Friday, 18 December 2020


Want to know more about the life and times of Jimmy Seed?

I've started a separate blog which will take a look at his life in more detail.

I've just published a post about his little sister Minnie, which followed a post about his early years.

Saturday, 14 July 2018








James Smith


Billy Walker - Aston Villa


Alf Strange, Wednesday and England Half-Back

Wednesday, 13 June 2018


This is one of my favourite (modern era) pieces of  writing about Jimmy Seed:


Neil Dixe Wills discovers the life and times of Jimmy Seed, through his classic autobiography The Jimmy Seed Story

“Eventually there will be a soccer League of Nations with clubs flying off to South America in little more time than it would take Newcastle to travel to Plymouth by train. These days may not be realised in my time, but they are coming.” Meet Jimmy Seed: child soldier, double title-winner, leviathan of The Valley and, judging by the statement above, pretty useful soothsayer.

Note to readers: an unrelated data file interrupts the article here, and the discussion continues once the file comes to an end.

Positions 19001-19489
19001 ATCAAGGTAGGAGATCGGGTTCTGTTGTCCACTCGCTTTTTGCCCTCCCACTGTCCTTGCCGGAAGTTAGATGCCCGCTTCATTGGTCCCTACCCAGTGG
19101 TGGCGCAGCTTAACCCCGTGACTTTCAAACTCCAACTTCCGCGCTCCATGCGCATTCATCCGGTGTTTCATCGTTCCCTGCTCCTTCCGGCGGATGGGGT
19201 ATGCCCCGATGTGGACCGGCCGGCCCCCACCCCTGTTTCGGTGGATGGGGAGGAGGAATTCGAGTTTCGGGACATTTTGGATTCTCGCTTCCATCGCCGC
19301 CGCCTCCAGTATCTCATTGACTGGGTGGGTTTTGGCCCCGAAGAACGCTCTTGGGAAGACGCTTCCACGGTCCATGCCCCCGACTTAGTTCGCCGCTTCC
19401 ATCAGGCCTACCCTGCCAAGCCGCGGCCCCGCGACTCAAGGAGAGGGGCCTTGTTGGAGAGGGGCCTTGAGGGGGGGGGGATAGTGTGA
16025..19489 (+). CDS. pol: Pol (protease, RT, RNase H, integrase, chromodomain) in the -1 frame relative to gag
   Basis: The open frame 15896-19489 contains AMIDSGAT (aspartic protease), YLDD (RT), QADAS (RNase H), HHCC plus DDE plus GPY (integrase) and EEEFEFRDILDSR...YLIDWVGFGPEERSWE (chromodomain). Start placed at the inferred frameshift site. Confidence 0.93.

Seed’s is a story forever teetering on the brink of caricature: early teens down t’pit, the inevitably failed first trial with Sunderland and the return, Boy’s Own style, to score a hat-trick and book his ticket out of the mines in April 1914. Bad timing all round, really. Football stopped soon afterwards and the war dragged on sufficiently for Jimmy to become old enough to join the Cyclist Corps. He was duly gassed and sent home. To add insult to injury, when he reported back at Roker Park he discovered that he’d been offloaded to non-League Mid-Rhondda.
That’s about as bad as it ever got. From Wales he went to Tot­tenham, winning the 1921 FA Cup. Six years later Spurs sold him to Sheffield Wednesday be­cause he refused a £1 per week pay cut.